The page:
Sarah Crowder

Fresh Fruit Soda Floats

Fruity Soda Floats

This time of year, I’m putting fresh fruit in everything: breakfast, lunch, dinner, and, of course, dessert. Between the heat and the abundance of gorgeous farmers market specimens, I crave their hydrating sweetness. So it’s no surprise I gravitated to these Fresh Fruit Ice Cream Sodas. Their beautiful hues and titillating fizz make for a provocative dessert, or, if you swap the ice cream for half-and-half, a nice afternoon pick-me-up.

Get the original recipe here.

Fresh Fruit

I started by making three different fruit purees: grape (using small, sweet champagne grapes), sour cherry, and blueberry. I cut way back on the sugar, using only about a quarter to a half of the amount called for in the recipe. Let the fruit be your guide. Come summer, mine always asks, “Can I be the star?” The grapes and blueberries I used were quite sweet and only needed a little sugar to punch them up, while the sour cherries needed a little extra boost. A squeeze of lemon was welcome in all cases, as the acidity contrasts beautifully and differently with each fruit.

The fun thing about cooking is that no matter how comfortable or seasoned I become in the kitchen, I’m always learning new things. In this case, I was surprised to find the blueberry puree formed a sturdy gel during its sit in the fridge. Turns out, blueberries contain quite a bit of natural pectin, so combining them with sugar and an acid created the perfect environment to make what was essentially blueberry jelly. It was no longer a good fit for mixing with soda but was lovely with buttered toast the next morning.

Fresh Fruit Puree

The fresh fruit floats turned out just as I imagined—the ideal balance of cream, bubbles, and fresh fruit purees. These would be a fun and invigorating way to finish a summer dinner party or to make the last days before the school year resumes extra-special.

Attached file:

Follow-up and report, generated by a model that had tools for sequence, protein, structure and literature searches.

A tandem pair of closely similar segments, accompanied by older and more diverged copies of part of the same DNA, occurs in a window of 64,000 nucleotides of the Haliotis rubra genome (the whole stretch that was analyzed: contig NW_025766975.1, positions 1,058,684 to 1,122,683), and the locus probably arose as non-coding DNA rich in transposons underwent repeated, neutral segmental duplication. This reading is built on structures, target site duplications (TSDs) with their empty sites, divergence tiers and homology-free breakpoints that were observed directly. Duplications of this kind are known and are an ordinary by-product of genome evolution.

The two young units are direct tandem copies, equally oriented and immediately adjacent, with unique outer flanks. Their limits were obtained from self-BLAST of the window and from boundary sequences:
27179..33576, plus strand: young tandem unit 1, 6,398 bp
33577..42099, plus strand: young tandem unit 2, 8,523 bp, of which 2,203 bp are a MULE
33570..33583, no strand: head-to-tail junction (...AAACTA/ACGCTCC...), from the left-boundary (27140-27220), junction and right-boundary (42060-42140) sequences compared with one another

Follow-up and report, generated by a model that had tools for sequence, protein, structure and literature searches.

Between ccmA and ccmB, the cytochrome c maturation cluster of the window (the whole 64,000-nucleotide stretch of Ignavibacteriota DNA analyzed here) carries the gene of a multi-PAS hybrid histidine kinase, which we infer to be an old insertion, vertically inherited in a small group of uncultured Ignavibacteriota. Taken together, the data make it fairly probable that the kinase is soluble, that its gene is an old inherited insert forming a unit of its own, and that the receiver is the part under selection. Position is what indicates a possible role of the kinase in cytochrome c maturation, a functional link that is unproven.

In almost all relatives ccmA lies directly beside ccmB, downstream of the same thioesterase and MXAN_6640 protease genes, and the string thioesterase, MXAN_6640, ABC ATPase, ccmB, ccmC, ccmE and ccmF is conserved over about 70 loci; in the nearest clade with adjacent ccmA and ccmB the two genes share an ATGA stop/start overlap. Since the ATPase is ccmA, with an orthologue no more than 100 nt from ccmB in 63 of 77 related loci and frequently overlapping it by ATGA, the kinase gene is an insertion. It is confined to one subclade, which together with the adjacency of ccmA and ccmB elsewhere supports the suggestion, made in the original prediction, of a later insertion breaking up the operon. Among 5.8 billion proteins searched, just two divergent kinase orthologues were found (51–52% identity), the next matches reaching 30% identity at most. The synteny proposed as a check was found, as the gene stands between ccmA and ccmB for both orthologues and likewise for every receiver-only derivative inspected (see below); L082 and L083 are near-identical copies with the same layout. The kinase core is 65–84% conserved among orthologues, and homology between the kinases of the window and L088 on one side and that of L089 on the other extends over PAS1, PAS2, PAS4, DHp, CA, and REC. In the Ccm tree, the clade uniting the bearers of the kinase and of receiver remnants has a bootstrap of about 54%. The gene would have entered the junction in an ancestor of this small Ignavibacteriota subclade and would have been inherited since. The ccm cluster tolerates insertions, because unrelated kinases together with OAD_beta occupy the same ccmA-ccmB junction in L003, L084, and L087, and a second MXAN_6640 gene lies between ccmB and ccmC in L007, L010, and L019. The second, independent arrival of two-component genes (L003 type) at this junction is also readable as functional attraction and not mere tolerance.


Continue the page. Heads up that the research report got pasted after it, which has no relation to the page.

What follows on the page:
Fruit Soda Floats

To morph these into an afternoon snack (although this could easily qualify as a dessert, too), I also made an Italian cream soda variation, replacing the ice cream with half-and-half. This cuts back on the sweetness but maintains the decadence.

Whether you’re using ice cream or half-and-half, there is a lot more room for experimentation here: change up the fruits, try lime instead of lemon juice, use honey or maple syrup rather than sugar, or scoop up a complementary flavor of ice cream. How amazing would it be to slurp up a combo if strawberry puree and chocolate ice cream?! Fortunately, I never tire of these trials.

Italian Cream Sodas

Fresh Fruit Soda Floats

Serves: 4

1 cup fresh fruit, such as raspberries; blackberries; blueberries; chopped strawberries; or peeled, chopped peaches, nectarines, mangoes, or apricots
1-2 tablespoons sugar
Juice of 1/2 lemon
Vanilla ice cream (or half-and-half for Italian cream soda)
Soda water or seltzer water, chilled

  1. For syrup: In a blender or food processor, combine desired fruit, sugar and lemon juice. Blend or process until smooth. Strain through a fine-mesh sieve. Chill syrup, covered, for 4 hours or up to 3 days.
  2. For each soda: Add 1/4 cup of the chilled fruit syrup and half a scoop of ice cream to a tall glass. Blend with spoon. Fill glass three-quarters full with soda or seltzer water. Add two scoops ice cream. Serve immediately.

For Italian cream soda variation: Add 1/4 cup of the chilled fruit syrup and 2 tablespoons half-and-half to a short glass. Blend with a spoon. Pour in 4-8 ounces soda or seltzer water. Serve immediately.

Get the original recipe here.

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